ABSIE's "pride and joy" (to quote Time magazine) was its music programmes. Already, civilian American stars including Bing Crosby and Dinah Shore who were in Europe entertaining Allied troops had helped ABSIE to project the Allied cause, introducing their songs by reading from phonetic German scripts.
The Abbey Road Recordings
On October 30th the full Miller Band reported to the HMV studios in Abbey Road, London, to rehearse and record a half-hour programme of their music, interspersed with messages to the German soldiers. The compere was a German-speaking girl known in the programme as Ilse, sharing the introductions and chatting with Miller whose halting phonetic German was much to the amusement of his colleagues.
After the Band's theme Ilse introduced Major Miller (in German) as a "magician of swing music" with a few words about his career, then announced the first tune - almost inevitably In The Mood - followed by Stardust and Volga Boatmen. Then Johnny Desmond sang Long Ago And Far Away in German, sounding much more relaxed and confident than Miller. Ray McKinley then sang Is You Is Or Is You Ain't My Baby? wisely, perhaps, in English, although Ilse triumphantly announced it as "Bist Du Oder Bist Du Nicht Mein Baby"! The programme ended with one of the Band's newest Jerry Gray up-tempo arrangements, Great Day, and Ilse looking forward to the same time next week.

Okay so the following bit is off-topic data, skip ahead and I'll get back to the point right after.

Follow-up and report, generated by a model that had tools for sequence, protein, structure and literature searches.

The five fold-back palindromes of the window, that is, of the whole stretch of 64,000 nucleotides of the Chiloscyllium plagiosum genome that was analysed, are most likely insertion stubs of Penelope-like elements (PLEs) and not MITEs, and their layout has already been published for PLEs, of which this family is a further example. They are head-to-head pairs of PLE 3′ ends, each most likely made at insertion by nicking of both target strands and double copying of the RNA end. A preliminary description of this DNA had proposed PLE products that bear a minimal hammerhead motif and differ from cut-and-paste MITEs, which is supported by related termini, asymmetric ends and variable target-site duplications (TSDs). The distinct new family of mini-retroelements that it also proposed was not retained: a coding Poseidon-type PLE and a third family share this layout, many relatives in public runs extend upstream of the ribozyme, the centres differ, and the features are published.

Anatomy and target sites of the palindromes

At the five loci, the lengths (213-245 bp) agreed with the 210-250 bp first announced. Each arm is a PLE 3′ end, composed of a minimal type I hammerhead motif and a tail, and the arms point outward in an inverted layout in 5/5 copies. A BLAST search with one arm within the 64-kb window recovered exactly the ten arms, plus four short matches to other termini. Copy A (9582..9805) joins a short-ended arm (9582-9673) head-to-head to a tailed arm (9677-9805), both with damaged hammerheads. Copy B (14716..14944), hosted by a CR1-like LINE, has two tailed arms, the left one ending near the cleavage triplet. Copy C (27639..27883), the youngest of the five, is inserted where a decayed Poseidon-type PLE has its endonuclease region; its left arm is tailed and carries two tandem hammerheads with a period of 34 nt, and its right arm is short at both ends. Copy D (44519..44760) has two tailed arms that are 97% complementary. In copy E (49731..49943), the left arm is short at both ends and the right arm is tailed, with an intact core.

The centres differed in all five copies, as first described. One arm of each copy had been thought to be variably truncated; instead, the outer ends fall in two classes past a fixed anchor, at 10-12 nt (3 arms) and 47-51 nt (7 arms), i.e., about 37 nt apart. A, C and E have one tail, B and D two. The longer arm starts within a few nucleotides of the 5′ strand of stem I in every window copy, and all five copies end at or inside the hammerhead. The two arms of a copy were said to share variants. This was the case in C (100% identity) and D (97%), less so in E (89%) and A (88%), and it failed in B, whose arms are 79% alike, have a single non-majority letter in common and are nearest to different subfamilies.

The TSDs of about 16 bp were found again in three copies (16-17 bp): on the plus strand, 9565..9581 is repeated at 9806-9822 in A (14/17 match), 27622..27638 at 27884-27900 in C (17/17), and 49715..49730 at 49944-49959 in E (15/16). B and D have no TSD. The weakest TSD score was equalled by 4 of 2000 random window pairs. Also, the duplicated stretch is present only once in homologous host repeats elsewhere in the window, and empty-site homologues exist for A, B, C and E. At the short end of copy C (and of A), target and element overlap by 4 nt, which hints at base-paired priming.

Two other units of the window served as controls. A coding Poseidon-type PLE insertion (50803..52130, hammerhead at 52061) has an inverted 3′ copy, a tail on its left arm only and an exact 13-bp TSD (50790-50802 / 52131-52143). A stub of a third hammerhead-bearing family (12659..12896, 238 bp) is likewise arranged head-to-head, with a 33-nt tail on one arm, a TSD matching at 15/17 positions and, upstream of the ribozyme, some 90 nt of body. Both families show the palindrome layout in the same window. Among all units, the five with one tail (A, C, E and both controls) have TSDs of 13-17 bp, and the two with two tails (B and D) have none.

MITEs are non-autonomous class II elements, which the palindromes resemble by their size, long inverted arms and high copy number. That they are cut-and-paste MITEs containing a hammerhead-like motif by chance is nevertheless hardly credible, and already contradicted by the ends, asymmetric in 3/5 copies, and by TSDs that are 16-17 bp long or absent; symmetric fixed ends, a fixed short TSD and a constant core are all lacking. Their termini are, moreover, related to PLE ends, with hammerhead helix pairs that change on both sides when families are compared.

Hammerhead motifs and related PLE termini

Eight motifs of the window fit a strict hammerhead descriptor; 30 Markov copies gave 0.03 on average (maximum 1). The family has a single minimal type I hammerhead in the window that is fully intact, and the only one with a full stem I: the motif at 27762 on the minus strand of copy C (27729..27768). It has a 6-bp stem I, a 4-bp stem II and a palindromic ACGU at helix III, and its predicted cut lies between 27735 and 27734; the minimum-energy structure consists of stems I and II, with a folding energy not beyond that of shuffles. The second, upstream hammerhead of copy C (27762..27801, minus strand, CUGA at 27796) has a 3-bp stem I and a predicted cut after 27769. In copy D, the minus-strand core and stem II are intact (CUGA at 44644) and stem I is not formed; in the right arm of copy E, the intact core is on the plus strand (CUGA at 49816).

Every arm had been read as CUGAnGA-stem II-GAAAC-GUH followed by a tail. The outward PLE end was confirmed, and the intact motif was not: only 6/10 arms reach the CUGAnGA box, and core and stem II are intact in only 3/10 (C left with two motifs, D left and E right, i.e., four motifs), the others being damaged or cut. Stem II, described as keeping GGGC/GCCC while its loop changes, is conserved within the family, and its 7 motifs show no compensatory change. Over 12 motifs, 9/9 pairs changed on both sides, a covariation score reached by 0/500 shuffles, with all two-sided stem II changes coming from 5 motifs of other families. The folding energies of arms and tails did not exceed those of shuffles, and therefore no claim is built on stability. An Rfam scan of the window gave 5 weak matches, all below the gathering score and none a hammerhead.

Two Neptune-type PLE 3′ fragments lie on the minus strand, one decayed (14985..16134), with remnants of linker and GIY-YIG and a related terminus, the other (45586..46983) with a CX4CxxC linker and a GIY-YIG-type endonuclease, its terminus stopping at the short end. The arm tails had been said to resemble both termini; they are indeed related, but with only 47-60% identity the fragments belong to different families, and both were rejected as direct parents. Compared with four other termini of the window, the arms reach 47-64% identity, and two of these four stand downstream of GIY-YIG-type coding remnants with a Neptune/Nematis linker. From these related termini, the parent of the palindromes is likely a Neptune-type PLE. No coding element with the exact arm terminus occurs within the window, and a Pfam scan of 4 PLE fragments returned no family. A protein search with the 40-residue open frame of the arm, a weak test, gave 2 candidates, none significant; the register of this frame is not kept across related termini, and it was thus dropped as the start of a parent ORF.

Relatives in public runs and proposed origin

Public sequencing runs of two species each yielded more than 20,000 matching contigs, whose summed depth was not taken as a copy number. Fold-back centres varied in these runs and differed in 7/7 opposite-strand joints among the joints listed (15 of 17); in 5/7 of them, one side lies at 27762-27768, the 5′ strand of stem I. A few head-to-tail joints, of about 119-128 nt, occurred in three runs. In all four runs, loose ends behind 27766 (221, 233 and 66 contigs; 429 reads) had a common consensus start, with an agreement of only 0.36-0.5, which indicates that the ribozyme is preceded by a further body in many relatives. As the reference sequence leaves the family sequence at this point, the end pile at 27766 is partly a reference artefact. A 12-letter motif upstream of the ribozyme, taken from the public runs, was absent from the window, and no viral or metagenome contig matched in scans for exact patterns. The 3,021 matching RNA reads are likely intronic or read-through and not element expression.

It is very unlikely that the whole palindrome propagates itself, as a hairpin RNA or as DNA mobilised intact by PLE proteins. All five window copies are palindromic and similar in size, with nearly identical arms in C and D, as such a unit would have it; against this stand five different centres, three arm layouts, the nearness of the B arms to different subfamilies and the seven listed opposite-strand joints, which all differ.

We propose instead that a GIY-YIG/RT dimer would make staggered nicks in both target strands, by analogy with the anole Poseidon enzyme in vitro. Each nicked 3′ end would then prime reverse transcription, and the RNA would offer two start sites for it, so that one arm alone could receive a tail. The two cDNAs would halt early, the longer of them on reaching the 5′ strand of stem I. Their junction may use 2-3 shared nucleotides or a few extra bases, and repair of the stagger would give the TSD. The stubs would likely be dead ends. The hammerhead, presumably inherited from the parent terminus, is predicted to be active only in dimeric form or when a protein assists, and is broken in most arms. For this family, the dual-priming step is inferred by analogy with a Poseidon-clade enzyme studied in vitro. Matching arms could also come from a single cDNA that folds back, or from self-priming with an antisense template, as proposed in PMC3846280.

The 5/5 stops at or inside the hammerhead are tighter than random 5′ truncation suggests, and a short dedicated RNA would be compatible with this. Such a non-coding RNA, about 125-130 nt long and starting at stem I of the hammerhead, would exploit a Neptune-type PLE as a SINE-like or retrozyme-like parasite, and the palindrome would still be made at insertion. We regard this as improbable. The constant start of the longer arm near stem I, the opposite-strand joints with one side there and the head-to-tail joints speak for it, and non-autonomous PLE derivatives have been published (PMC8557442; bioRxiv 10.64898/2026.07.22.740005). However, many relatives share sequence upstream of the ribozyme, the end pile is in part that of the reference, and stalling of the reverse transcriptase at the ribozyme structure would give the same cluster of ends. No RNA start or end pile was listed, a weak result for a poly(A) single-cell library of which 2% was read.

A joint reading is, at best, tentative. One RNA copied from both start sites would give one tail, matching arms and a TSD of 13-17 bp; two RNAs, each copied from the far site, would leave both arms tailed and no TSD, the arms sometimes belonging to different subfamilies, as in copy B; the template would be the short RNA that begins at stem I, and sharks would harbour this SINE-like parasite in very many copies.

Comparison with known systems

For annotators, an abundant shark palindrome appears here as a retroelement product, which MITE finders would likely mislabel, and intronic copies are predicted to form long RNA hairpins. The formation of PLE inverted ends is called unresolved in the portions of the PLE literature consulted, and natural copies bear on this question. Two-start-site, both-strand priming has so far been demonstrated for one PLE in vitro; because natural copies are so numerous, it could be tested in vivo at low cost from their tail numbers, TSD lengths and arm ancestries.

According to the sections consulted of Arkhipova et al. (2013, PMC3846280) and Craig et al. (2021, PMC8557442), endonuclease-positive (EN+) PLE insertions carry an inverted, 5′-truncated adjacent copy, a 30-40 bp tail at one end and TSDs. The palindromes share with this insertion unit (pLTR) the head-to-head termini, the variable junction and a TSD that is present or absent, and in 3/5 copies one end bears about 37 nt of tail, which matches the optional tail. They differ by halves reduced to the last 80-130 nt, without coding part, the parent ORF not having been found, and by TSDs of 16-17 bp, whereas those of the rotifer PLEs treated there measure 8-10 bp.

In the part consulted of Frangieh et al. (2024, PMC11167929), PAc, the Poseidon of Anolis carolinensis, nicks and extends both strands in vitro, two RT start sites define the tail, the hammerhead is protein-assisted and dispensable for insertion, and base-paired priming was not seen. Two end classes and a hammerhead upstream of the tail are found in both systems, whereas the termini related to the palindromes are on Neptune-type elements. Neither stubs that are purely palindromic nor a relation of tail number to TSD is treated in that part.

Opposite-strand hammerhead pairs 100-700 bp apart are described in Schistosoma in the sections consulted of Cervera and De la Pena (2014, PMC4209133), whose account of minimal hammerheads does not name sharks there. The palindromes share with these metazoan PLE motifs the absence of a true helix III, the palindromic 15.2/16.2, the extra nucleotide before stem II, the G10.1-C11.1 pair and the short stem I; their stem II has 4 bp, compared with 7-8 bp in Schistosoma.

The talk during the programme was about music having no barriers between nations and plugging the American way of life and the freedom for people to listen to whatever they wanted to (most American jazz and popular music was banned in Nazi Germany), with Ilse helping Miller to improve his German. ABSIE were very pleased with the recording and over the next month the Band recorded five more half-hour programmes. All six were broadcast on Wednesdays starting on November 8th as "Music For The Wermacht".
Throughout the series the full Band and six singers, variously introduced by Ilse as "52 tough American soldiers", or "52 sharp-looking American boys", played a well-balanced mixture of famous pre-war civilian Miller hits and new arrangements for the Band by Jerry Gray, Norman Leyden and Ralph Wilkinson, many including the 20-piece string section. Despite its military status the hand-picked Band was first and foremost a Glenn Miller Band, a brilliant blend of Goodman/Miller dance music, Basie rhythm and the Kostelanetz/Rose string orchestra - undeniably Miller's greatest achievement. Apart from the strings (all former classical players) the greatest single improvement over his civilian Band was probably the wonderful all-star rhythm section with a lift and drive that provided a swinging foundation for the up-beat instrumentals and a restrained and gentle beat for the orchestral arrangements and the backings for the ballad singers.